Review: Nokia Lumia 710 for T-Mobile USA
Press and hold the dedicated camera button at any time and the camera application springs to life. The user interface of the camera has not been altered by Nokia. Most of the screen serves as the viewfinder for composing images. On the right side of the screen, there's a black control strip that provides access to the video camera, zoom function, and the full camera settings.
The camera settings tool lets you adjust a pretty good selection of controls, such as ISO, scenes, white balance, brightness, metering mode, and flicker reduction. The 710 can capture 5-megapixel images with a 4:3 aspect ratio or 4-megapixel images with a 16:9 aspect ratio. You can't dial the resolution any lower. The scene modes adjust for settings such as candlelight, macro, landscape, night, snow, and sunsets. You can also apply some effects (B&W, sepia, etc.) before you take the image.
On the left side of the viewfinder, you'll see the edge of the last image you just captured. This is part of the Metro user interface concept. Basically, it serves as quick access to your photo gallery.
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The Lumia 710 shoots images incredibly fast. Press the camera button and it focuses in a snap and fires of the shutter. The problem — as mentioned earlier — is that the camera button stinks. There's absolutely no definition between the two stages of the two-stage camera button so it's hard to tell when you've focused the shot before the 710 shoots. It’s really annoying.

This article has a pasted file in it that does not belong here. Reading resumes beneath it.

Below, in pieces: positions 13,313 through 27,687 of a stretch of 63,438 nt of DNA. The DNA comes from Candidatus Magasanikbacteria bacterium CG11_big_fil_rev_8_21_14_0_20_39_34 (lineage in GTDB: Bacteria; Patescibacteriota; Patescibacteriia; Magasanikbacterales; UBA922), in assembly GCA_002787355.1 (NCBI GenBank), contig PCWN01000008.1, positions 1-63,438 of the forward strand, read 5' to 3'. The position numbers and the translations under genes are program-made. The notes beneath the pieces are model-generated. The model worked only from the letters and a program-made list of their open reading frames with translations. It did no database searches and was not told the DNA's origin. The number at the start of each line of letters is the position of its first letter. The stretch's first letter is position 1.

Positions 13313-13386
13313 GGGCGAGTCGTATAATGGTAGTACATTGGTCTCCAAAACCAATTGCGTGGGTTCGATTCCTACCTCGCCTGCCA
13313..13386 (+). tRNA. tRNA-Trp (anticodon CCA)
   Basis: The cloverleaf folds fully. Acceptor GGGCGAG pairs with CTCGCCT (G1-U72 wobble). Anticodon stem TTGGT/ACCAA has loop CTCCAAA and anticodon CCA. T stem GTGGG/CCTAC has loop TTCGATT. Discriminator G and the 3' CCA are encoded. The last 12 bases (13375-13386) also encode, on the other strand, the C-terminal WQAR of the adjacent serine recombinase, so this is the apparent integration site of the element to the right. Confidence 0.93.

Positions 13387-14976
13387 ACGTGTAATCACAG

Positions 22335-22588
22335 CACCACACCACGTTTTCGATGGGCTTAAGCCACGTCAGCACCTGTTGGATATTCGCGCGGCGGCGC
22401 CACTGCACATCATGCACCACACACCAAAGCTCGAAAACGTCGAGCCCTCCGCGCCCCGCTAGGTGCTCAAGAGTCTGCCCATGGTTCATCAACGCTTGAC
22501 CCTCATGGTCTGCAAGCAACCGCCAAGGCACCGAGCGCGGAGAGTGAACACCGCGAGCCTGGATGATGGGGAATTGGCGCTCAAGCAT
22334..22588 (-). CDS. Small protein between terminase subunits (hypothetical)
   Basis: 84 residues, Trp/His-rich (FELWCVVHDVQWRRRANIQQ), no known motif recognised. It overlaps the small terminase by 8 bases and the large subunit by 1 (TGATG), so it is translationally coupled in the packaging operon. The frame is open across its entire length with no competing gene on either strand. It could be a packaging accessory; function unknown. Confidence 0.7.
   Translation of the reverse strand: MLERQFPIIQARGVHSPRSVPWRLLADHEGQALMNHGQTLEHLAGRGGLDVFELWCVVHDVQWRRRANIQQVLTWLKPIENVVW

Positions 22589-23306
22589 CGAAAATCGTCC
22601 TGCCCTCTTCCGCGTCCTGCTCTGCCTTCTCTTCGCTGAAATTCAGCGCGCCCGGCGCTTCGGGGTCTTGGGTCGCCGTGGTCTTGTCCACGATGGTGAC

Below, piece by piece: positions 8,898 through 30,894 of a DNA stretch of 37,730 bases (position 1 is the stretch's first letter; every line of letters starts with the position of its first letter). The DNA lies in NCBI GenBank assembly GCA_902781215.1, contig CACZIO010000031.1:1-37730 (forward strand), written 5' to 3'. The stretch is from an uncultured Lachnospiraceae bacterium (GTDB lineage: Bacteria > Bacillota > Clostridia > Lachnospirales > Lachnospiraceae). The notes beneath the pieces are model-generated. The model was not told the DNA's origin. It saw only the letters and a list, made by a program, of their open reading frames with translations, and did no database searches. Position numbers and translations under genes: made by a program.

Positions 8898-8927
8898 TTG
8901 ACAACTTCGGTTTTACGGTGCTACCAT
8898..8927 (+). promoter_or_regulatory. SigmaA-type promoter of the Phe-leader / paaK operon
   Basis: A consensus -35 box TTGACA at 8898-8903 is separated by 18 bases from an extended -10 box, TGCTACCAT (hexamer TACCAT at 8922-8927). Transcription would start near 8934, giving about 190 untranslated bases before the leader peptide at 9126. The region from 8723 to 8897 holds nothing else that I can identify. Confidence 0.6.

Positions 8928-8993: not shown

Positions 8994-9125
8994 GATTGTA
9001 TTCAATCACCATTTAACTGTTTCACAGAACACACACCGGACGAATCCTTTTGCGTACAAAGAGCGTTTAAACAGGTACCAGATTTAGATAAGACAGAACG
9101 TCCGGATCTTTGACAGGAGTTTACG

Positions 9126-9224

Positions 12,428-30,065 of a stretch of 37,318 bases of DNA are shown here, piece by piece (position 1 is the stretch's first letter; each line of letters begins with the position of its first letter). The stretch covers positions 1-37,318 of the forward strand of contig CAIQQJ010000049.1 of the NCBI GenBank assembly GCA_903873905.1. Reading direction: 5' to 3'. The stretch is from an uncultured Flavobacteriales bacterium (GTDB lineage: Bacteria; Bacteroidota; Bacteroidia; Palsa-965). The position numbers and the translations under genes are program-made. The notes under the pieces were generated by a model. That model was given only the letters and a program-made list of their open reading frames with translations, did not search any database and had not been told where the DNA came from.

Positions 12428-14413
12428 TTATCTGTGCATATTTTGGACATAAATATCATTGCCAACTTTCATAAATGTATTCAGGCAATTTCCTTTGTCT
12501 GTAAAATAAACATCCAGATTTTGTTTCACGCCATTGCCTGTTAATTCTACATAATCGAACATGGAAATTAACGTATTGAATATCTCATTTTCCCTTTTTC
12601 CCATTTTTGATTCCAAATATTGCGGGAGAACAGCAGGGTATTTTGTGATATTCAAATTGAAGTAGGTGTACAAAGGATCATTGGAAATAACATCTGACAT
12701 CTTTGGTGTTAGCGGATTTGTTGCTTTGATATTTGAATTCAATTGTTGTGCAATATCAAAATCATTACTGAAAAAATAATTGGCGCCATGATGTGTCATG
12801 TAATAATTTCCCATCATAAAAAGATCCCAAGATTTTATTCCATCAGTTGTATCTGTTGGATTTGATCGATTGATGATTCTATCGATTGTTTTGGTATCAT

The Pictures Hub is an essential element to Windows Phone 7. Microsoft prioritizes the idea of sharing images as a part of who we are with our friends, family, and contacts. The Picture Hub is where the Lumia 710 deposits the photos you capture with the phone, but it also syncs to your Facebook account. It gives you access to your Facebook photo albums as well as the albums of your Facebook friends. The Hub uses the Metro approach, requiring you to swipe to the left to access different portions of the app. The layout and design are great; I really like using the Photo Hub. The Hub makes sharing to other services, such as SkyDrive and Flickr, a cinch.
The one great failing of the Picture Hub is its inability to let users adjust or edit their photos. All it offers is an "auto-correct" tool that alters brightness, contrast, and exposure automatically. Sometimes it helps, but often it does not. The Lumia 710 doesn't include the fine Photo Studio application that's available on other Mango smartphones. There are a number of options in the Marketplace, but the best ones cost several dollars to purchase.